Walter Elia Disney had a probable connect with the 1904 World's Fair and a definite almost historical deal with the city of St. Louis.
Disney’s father, Elias, worked as a contractor on the World’s Columbian Exposition after moving his young family to Chicago in the early-1890s. He visited the Fair, and told stories to his son, as he grew up. Supposedly, he took his son, Walt (as a toddler), to the Louisiana Exposition. in 1904. Possibly one of the reasons why Disney returned to St. Louis in the 60's.
After Disneyland opened in Anaheim, California, in 1955, and by the early 1960s, Walt Disney was looking to expand with another park easily accessible beyond the West Coast. St. Louis seemed a good choice, and not just because of its geographically central location or because Disney grew up in Missouri.
St. Louis was booming in the mid-sixties. The Gateway Arch opened in 1965. And Busch Stadium was being built a few blocks away, bringing both football and baseball downtown in 1966.
As Missouri winters would have created a lengthly hiatus during the cold months, Disney planned on an indoor five-story attraction: "Walt Disney's Riverfront Square" to cover two blocks in the heart of downtown, just a few blocks from the Arch grounds and the Mississippi River.
Riverfront Square was to be the second Disney park after Disneyland, and would have attractions and features that were present at Disneyland The costs for the park were projected at $40 million, with a targeted attendance of 25,000 visitors per day.
The entrance to the park would have been similar to Disneyland's Main Street, U.S.A., with one side of the street based on Old St. Louis, and the other based on Old New Orleans. Disney planned to utilize the Audio-Animatronic technology that had recently been developed by his company for the New York World's Fair. The top floor of the park would have housed a banquet hall, restaurant, lounge, and bar, overlooking the Mississippi River, in addition to having concession stands and shops throughout the park. Several classic Disneyland and Disney World attractions were originally conceived for the St. Louis park, including what would later become Pirates of the Caribbean, the Haunted Mansion, and a "Western Riverboat" ride, whose design was later incorporated into Big Thunder Mountain Railroad.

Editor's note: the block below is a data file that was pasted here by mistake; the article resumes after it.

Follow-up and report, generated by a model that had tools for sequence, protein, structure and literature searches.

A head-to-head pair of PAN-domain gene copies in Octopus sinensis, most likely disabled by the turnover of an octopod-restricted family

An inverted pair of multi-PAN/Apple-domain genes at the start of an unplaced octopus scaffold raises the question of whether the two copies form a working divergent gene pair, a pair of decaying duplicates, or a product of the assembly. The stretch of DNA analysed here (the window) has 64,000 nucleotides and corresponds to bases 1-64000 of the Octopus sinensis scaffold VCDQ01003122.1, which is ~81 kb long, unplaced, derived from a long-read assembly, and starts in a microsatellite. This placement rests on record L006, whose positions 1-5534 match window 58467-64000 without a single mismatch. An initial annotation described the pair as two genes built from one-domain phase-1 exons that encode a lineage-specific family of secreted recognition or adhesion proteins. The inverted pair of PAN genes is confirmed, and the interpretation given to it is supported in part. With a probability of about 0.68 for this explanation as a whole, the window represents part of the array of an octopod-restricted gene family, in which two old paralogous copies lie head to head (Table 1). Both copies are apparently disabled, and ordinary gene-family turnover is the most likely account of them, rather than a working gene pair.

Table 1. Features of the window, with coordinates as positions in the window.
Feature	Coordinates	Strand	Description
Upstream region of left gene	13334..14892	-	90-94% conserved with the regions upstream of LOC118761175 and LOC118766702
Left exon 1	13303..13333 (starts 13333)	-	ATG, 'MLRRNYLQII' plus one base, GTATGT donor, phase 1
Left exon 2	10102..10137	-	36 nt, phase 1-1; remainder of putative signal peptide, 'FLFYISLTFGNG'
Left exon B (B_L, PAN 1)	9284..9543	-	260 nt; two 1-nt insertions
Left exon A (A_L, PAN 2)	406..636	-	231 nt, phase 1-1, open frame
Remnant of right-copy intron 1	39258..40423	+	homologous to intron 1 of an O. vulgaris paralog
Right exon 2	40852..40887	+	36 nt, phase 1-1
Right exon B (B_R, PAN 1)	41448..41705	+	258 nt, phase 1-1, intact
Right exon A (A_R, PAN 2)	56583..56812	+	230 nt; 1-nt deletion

Other planned attractions included:
Lewis & Clark Adventure, a ride based on the travels of Lewis & Clark
A ride based on folk legend Mike Fink
A New Orleans Square based on the one currently located at Disneyland
The Pirates of the Caribbean attraction, complete with the Blue Bayou restaurant
A ride based on folk legend Davy Crockett
An attraction based on the Meramec Caverns of Missouri
Two Circarama theaters, at least one of which would show a film about St. Louis
An aviary-type exhibit.
An explorable pirate ship
An opera house
Dark rides based on Peter Pan, Snow White, and Pinocchio which are now all found at Disneyland in California
A wishing well
Some of the rides planned for St. Louis eventually became fixtures at Disneyland and Walt Disney World, including the Pirates of the Caribbean, the Haunted Mansion, Big Thunder Mountain Railroad.
Disney himself met with St. Louis Mayor Raymond Tucker in March 1963 to discuss the proposal.
But, the idea fizzled. Legend was that the plan was thwarted because Anheuser-Busch beer baron August A. Busch Jr. insisted that the theme park sell beer, and Disney refused to do so. Disney may have been insulted after August Busch, Jr. publicly called him crazy for thinking his park would succeed without selling beer. Disney officially backed out in 1965.
But in a 2013 account of the St. Louis project for the Disney History Institute, Todd James Pierce wrote that any disagreement over beer had been worked out — money was the issue. Disney was willing to pay for the rides and attractions, but wanted St. Louis' redevelopment corporation to pay for the building. The corporation declined to do so.